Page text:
Now the sceptic tells us that by some trick of that apparently artful, deceitful and extremely clever subconscious mind, either the medium and/or the sitters themselves unconsciously produce the voices and make them say what the sitters expect or want them to say. This explanation, if a true one, must also account for the lifting of the megaphone, together with its movements about the room, to say nothing of the touches and the pulling of my little finger.

A certain type of sceptic (usually a man with theological prejudices), having been floored from his standpoint of fraudulent mediumship, admits the spirit agency in these manifestations, but attributes them to the operations of evil spirits, or sub-human elementals, who, either for satanic purposes or for their own amusement, impersonate prominent personalities, and even departed relatives and friends.

In my opinion, this is a more feasible theory than the first, but it weakens, or even destroys its own hypothesis.
It must be admitted that we ourselves, and perhaps some of our relatives and friends who have passed on, are far from being saintly spirits. Death does not change ordinary mortals into angels of light. It must also be conceded that if evil spirits can indulge in such entertainment, they have not only survived death, but have some relaxation from eternal punishment. It also follows that if evil spirits can speak through a megaphone, so can good ones, should they wish to do so.

So where does the sceptic draw the line when it conies to speaking through a megaphone at a direct voice sitting? Personally, I am fully prepared to admit that seldom, if ever, is it likely that a saintly soul who has progressed to the higher spheres of the Beyond will manifest at such a sitting. We do not expect or wish him to do so; and he has probably been so long away from earth conditions that it would be impossible for him to participate in physical phenomena of this nature. The souls we desire to contact in this way are spirits like ourselves.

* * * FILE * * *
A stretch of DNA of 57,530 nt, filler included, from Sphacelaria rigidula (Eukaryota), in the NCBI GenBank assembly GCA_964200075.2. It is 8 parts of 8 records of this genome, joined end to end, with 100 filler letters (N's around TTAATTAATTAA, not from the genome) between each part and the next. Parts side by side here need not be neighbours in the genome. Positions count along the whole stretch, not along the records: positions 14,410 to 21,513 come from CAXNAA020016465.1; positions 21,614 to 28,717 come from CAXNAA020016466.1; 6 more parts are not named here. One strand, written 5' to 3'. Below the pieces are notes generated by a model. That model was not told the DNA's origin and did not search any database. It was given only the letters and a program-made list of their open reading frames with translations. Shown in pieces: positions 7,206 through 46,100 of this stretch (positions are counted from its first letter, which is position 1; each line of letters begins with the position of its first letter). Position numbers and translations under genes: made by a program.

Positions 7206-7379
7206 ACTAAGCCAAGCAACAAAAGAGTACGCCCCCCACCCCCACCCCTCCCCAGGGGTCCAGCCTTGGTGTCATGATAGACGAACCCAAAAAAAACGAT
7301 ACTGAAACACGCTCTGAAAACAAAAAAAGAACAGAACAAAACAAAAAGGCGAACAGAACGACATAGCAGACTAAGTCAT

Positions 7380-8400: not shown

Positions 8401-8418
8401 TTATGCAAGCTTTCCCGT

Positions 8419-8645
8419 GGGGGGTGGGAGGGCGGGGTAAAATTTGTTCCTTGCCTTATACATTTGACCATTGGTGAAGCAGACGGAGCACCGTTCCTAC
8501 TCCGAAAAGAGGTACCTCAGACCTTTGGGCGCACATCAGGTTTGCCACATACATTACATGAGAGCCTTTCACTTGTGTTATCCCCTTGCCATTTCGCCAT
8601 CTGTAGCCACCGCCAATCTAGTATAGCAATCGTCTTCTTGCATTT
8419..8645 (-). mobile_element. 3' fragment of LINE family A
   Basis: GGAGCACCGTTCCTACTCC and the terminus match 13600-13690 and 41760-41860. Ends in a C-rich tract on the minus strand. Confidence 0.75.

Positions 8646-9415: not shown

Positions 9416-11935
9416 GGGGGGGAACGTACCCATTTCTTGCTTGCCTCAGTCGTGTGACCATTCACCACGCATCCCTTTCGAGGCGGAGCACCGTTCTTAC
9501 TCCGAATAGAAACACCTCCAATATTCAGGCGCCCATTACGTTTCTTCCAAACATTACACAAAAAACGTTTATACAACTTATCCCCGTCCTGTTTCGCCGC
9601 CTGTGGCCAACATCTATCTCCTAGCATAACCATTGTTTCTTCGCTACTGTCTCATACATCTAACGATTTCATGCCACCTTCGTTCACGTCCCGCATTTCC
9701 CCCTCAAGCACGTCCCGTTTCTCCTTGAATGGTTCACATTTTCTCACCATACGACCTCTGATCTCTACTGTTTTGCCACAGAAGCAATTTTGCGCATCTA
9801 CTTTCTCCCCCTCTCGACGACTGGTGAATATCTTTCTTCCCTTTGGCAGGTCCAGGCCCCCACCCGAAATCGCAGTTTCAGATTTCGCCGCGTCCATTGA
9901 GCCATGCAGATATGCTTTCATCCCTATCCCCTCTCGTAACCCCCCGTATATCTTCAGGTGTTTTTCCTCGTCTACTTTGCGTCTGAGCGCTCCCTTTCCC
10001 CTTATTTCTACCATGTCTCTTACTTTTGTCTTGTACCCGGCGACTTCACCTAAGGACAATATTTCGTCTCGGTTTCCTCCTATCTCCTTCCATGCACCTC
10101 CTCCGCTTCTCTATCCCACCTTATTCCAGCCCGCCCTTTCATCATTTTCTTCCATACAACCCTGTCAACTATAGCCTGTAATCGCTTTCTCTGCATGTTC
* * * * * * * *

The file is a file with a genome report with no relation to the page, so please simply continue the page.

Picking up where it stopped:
As for impersonation, maybe some mischievous playboys do sometimes pull our legs—and perhaps our little fingers. But the point is that if an evilly disposed person can speak from the Beyond in this way, so can one who is not so disposed. Whether or not they do speak to us can be, and is frequently, determined by the contents of the messages received. As in the case of other forms of communication, evidence of identity alone decides the issue.

I make no claim that evidence of identity, sufficiently watertight to constitute indubitable proof of survival, has yet been communicated at any of my sittings. But it may be reasonably argued that the messages not coming through the mouth of the medium, but through a megaphone, out of the larger end of which issues the spoken word, and at the smaller end of which there is nothing entirely physical, cannot be influenced by the mind of either medium or sitter. I do not say that it is not possible, for allowance must be made for the possibilities, however remote, of the unplumbed depths of the human mind. I merely assert that from what we know at present of our mental capacities such a possibility—or, to be more precise, probability—cannot be reasonably contended.